Friends Can Help Review Your Application Materials—If They Limit Well-Meaning Advice
As Round 1 deadlines near, you’ll probably think about asking a trusted friend or family member to review your application materials. At some point, you’ll have read your responses so many times that errors will no longer jump out at you.
In this case, a friend or family member’s assistance may come in handy. Someone new looking at your essays and data forms may more easily spot a typo, missing word or that extra period at the end of a sentence.
A fresh set of eyes looking over your work has obvious benefits. But we have to point out a few drawbacks as well. For example, it’s really tough for someone to review your application materials without giving “advice.” Humans are full of opinions, after all. Anyone close to you would just want to help.
Herein lies the problem. If you’ve already planned out your application strategy—especially if you’ve worked on that strategy with an admissions consultant—it would be a shame to derail your progress just because a well-meaning friend made you doubt yourself.
Well-intended but still, not helpful
This also holds true if that someone reviewing your materials has an MBA themselves. They may incorrectly assume that since they went to business school, their approach to certain essay questions will guarantee your path to admission.
Or, maybe your parents attended business school decades ago and want to give you advice. That can be problematic on many fronts. The programs themselves—not to mention the qualities adcoms look for in candidates—have changed pretty dramatically over the years.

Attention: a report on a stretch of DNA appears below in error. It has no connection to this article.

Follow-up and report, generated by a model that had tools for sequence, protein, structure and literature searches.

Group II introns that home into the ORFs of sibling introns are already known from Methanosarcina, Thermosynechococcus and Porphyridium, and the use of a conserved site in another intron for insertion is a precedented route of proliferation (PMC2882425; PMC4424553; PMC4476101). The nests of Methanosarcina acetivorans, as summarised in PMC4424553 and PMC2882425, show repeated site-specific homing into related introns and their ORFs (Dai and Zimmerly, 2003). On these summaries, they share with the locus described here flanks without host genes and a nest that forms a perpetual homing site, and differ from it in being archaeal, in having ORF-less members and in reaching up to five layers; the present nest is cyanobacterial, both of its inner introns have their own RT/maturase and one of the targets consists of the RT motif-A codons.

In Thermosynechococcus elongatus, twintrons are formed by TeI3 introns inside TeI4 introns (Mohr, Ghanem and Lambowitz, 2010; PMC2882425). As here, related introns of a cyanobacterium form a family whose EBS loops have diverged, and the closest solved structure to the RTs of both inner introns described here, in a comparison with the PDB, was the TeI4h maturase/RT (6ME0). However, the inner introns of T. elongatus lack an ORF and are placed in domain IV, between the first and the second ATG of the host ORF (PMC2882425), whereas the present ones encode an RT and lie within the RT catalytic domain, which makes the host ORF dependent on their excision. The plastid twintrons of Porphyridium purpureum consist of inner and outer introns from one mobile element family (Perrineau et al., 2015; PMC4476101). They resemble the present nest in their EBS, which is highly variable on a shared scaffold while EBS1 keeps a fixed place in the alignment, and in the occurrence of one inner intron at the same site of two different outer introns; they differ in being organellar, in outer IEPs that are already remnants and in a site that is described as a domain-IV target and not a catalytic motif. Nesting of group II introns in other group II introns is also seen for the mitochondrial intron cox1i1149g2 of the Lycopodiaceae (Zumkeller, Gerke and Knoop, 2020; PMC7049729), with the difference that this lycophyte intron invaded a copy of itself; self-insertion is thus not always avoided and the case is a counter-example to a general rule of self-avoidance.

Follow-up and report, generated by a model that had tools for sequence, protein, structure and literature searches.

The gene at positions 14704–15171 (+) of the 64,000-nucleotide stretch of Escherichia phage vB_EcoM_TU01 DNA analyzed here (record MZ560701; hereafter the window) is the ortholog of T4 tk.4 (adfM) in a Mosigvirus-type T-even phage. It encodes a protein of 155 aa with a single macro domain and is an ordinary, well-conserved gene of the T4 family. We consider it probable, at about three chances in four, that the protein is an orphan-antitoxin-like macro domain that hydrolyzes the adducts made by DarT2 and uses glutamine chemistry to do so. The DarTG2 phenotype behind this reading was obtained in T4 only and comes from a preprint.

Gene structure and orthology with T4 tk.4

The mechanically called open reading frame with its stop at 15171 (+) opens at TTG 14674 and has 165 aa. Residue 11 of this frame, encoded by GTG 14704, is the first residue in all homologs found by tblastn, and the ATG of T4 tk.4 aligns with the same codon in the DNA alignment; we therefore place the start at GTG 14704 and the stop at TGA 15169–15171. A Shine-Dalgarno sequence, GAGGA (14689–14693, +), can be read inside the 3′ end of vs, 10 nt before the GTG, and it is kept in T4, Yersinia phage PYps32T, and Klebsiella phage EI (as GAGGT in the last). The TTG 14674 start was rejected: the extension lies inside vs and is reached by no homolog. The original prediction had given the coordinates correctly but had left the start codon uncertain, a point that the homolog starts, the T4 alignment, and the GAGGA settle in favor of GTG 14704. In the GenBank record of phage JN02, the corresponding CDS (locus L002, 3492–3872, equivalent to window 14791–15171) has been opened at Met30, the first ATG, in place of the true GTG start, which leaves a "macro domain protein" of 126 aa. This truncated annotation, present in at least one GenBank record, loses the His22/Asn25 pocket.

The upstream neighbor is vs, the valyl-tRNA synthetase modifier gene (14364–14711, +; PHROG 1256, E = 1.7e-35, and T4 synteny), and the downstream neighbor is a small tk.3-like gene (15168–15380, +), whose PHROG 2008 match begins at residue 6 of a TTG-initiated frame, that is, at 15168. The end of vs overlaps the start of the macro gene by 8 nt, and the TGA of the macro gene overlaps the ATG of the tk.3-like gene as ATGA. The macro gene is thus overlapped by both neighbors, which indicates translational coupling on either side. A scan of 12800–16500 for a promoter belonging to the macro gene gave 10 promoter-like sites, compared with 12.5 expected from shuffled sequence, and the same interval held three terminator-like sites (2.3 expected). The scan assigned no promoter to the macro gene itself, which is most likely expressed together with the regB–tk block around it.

Problems also arise when you enlist someone who’s completely unfamiliar with the business school application process. When they review your application materials, they may get confused if you included personal stories. They may not understand why your personality comes through in your essays.
There’s a stereotype that MBAs need to be all business, all the time. This leads to an expectation of essays filled with lists of achievements, not-so-subtle bragging, and loads of buzzwords.
That’s why you should consider: 1) limiting the people review your application materials to no more than two. And 2) telling those reviewers up front that they would be helping you most if they could focus solely on spelling, grammar, or other obvious mistakes when they do their read-through.
They’ll probably still give you unsolicited advice. And you can always listen politely and share any concerns you may have with your admissions consultant. Just keep in mind that it’s hardly ever a good idea to switch things up at the last minute. Especially if you have already put significant effort into your positioning.
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This post originally published in 2016. It has been updated.